Parkinson's disease is one of the most devastating illnesses a human can get. The degenerative illness slowly robs the person of their ability to move, care for themselves and even speak — all while their brains remain aware of everything.
With Muhammad Ali's tragic death this past week, many people are again talking about Parkinson's disease — the legendary boxer lived with the illness for 32 years and was a great advocate for research. But while we know much more about the disease than we did three decades ago, there's a lot more that remains unanswered. One of those areas is how Parkinson's disease affects women differently than men.
Parkinson's disease is often thought of as an old man's illness. While that is somewhat true — twice as many men get it as women and the average age of onset is 60 — thousands of women get it every year too. And while there are lots of overlap in symptoms, everything from diagnosis to treatment works differently for women. For instance, simply getting that diagnosis is harder for women. Most men first present with "bradykinesia" or slow, rigid body movements; but women generally have tremors as their dominant symptom, according to a study published in the International Review of Psychiatry. This means women are often diagnosed later, when their symptoms have become more severe. However, people with the tremor-dominant form of PD often live longer and have a higher quality of life.
Once diagnosed, women experience the disease differently than men. Why? One word: hormones. Fluctuations in estrogen and progesterone can make symptoms wax and wane depending on what time of the month it is. Higher progesterone levels seem to increase fatigue and "off times." Women under 50 (about five percent of diagnosed cases) say that PMS makes their Parkinson's symptoms worse and their medications less effective in addition to making their periods heavier, according to research done by the American Parkinson Disease Association. As if we needed another reason to dread PMS! On the other hand, estrogen appears to provide some protection against the disease, according to a study published by the Journal of Neurology, Neurosurgery & Psychiatry, which may somewhat explain why so many more men get it than women.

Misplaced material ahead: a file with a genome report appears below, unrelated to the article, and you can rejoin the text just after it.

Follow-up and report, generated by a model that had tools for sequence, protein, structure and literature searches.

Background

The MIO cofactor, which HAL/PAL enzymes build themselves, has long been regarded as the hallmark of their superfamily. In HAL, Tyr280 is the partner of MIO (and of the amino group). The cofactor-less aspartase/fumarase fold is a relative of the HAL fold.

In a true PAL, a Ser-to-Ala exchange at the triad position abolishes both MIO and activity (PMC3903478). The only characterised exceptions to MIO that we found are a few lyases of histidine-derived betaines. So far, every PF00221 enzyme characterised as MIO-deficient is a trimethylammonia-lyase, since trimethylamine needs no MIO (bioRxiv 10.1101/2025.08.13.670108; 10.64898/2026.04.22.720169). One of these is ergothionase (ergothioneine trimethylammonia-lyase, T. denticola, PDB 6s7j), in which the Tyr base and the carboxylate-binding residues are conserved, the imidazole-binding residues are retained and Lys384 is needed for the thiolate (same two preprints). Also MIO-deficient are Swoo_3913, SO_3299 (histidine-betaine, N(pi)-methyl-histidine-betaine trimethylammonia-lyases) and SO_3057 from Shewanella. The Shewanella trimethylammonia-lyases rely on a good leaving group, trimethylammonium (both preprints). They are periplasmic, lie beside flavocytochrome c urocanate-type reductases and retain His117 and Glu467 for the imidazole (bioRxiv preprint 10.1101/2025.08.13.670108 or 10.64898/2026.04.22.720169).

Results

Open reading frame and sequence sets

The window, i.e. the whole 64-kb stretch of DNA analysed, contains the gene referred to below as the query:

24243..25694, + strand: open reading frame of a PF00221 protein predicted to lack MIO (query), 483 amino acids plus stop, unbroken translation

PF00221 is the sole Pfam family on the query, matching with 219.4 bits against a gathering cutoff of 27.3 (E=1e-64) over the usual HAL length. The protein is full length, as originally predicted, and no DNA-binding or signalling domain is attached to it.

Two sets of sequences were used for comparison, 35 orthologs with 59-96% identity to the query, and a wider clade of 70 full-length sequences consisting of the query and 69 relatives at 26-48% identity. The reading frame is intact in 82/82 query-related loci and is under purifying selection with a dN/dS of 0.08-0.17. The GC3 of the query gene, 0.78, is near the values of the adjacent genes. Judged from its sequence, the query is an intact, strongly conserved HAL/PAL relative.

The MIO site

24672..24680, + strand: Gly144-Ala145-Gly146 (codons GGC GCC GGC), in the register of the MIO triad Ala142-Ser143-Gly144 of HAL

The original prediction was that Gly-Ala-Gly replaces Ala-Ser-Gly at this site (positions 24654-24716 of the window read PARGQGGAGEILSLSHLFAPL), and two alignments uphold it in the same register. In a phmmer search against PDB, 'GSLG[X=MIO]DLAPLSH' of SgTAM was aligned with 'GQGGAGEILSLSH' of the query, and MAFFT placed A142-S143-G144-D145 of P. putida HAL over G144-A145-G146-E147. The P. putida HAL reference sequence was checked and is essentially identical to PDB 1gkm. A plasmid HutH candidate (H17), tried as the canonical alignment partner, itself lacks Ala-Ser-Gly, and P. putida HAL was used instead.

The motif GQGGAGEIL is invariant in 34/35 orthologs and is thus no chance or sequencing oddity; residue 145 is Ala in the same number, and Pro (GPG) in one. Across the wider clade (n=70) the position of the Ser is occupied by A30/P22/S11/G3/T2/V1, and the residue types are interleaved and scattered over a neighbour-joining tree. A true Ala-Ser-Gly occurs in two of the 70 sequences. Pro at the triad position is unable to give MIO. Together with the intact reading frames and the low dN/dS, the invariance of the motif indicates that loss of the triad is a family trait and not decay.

Other symptoms are different between the genders. Female Parkinson's patients are more likely to experience depression and go on anti-depressant medications than men. They're also more likely to feel upset about the progression of their disease. It's not all bad news though. Women with the illness keep their verbal fluency longer and are less likely to have sleep disturbances.
There's also a gender difference when it comes to treatments for Parkinson's disease. Men are offered surgery more often and at an earlier stage than women, leaving many women suffering longer. And drugs used to treat the disease, like Levodopa, are calibrated for the average man's body. This means that because women generally weigh less, they are inadvertently exposed to a higher concentration of the drug, which can have serious side effects.
While much of Parkinson's disease remains murky, one thing is clear: We need more research into how women are affected by the illness and what treatments work best for their bodies.
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